The diverse microbial community that inhabits the human gut has an extensive metabolic repertoire that is distinct from, but complements the activity of mammalian enzymes in the liver and gut mucosa and includes functions essential for host digestion. As such, the gut microbiota is a key factor in shaping the biochemical profile of the diet and, therefore, its impact on host health and disease. The important role that the gut microbiota appears to play in human metabolism and health has stimulated research into the identification of specific microorganisms involved in different processes, and the elucidation of metabolic pathways, particularly those associated with metabolism of dietary components and some host-generated substances. In the first part of the review, we discuss the main gut microorganisms, particularly bacteria, and microbial pathways associated with the metabolism of dietary carbohydrates (to short chain fatty acids and gases), proteins, plant polyphenols, bile acids, and vitamins. The second part of the review focuses on the methodologies, existing and novel, that can be employed to explore gut microbial pathways of metabolism. These include mathematical models, omics techniques, isolated microbes, and enzyme assays.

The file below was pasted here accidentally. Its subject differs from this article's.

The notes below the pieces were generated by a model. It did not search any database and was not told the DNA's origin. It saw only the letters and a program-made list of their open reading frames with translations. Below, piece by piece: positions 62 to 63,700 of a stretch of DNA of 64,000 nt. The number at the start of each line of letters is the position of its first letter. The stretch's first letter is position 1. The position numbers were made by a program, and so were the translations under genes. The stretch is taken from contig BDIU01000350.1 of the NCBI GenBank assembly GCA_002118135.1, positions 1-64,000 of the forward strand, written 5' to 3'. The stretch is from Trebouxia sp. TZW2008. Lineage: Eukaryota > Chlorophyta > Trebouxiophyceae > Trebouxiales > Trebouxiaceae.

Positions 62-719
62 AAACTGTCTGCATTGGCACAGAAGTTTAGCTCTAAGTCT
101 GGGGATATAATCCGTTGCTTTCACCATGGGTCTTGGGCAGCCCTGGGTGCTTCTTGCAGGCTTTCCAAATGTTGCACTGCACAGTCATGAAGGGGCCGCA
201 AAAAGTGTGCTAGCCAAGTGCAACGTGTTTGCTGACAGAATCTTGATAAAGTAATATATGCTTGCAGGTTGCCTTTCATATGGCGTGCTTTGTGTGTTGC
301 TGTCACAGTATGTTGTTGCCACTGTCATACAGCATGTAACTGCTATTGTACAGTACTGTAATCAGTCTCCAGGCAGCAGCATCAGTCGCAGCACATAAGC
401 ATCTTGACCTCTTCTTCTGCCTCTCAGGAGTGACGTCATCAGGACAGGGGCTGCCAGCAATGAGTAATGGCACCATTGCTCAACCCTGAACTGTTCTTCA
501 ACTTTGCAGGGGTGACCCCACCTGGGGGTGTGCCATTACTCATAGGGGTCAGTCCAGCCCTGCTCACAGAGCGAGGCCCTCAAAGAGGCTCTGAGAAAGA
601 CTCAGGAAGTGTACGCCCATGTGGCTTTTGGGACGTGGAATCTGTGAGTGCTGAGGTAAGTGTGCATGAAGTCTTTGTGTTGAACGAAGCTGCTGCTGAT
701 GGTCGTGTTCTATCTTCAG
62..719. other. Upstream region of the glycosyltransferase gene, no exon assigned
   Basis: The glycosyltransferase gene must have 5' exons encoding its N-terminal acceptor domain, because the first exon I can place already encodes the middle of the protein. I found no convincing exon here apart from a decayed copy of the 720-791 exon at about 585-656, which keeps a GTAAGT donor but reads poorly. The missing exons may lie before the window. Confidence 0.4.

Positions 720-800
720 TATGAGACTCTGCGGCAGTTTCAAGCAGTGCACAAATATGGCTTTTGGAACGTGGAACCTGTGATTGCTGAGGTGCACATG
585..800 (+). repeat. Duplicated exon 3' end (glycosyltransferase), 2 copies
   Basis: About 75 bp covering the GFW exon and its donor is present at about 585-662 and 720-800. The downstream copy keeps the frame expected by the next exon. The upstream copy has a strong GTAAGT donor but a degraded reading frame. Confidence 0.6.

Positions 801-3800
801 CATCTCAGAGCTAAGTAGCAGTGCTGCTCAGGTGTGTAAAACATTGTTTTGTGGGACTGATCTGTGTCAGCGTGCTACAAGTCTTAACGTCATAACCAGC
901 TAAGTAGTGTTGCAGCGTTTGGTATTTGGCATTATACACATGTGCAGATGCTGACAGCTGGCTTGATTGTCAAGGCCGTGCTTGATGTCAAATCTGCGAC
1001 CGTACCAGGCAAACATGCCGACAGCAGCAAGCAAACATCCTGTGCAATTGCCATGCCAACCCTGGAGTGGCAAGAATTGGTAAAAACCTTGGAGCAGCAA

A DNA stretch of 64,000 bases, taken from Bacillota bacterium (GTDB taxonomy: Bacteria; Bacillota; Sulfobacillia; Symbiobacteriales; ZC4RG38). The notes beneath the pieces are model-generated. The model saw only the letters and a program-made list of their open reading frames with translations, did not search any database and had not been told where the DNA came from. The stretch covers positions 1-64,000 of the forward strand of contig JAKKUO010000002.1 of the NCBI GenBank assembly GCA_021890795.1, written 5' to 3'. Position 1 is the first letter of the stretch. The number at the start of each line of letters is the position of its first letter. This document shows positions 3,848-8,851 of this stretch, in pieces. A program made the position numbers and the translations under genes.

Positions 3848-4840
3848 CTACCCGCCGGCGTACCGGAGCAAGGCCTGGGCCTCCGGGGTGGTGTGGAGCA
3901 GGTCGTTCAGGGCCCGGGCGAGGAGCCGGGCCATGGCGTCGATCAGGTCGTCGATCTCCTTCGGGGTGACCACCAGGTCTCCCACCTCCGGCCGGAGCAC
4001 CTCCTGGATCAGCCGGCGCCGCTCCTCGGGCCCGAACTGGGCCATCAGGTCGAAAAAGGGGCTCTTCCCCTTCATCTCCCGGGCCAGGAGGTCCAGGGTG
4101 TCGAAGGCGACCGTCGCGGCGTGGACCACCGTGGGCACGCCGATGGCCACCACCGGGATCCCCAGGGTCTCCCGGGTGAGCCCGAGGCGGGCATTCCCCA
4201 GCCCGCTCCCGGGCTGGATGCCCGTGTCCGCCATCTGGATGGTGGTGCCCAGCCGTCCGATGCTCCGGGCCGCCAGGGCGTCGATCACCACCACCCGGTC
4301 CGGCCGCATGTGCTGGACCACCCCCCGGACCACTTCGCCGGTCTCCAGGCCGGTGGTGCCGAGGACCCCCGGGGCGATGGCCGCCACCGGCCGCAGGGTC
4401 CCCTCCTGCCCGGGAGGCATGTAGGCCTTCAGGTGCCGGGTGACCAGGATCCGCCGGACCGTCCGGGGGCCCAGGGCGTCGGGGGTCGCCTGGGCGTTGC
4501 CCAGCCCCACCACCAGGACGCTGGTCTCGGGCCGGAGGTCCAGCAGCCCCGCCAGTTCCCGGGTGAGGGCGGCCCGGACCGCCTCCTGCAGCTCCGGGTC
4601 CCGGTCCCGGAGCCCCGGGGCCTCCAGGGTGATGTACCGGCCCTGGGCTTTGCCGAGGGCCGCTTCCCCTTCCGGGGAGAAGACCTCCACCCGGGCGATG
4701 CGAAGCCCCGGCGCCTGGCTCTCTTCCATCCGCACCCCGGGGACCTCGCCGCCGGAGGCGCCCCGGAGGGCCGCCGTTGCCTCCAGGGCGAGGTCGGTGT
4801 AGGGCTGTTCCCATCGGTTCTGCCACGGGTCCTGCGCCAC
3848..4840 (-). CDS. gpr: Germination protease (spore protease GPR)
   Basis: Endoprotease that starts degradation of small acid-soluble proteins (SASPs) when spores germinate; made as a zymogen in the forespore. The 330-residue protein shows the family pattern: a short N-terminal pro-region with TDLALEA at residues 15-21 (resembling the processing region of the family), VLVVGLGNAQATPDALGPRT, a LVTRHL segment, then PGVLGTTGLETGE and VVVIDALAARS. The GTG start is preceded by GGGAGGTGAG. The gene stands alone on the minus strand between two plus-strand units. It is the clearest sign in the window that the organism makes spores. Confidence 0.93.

Keywords: Food components; Gut microbiota; Methodology; Microbial metabolism; Microbiome.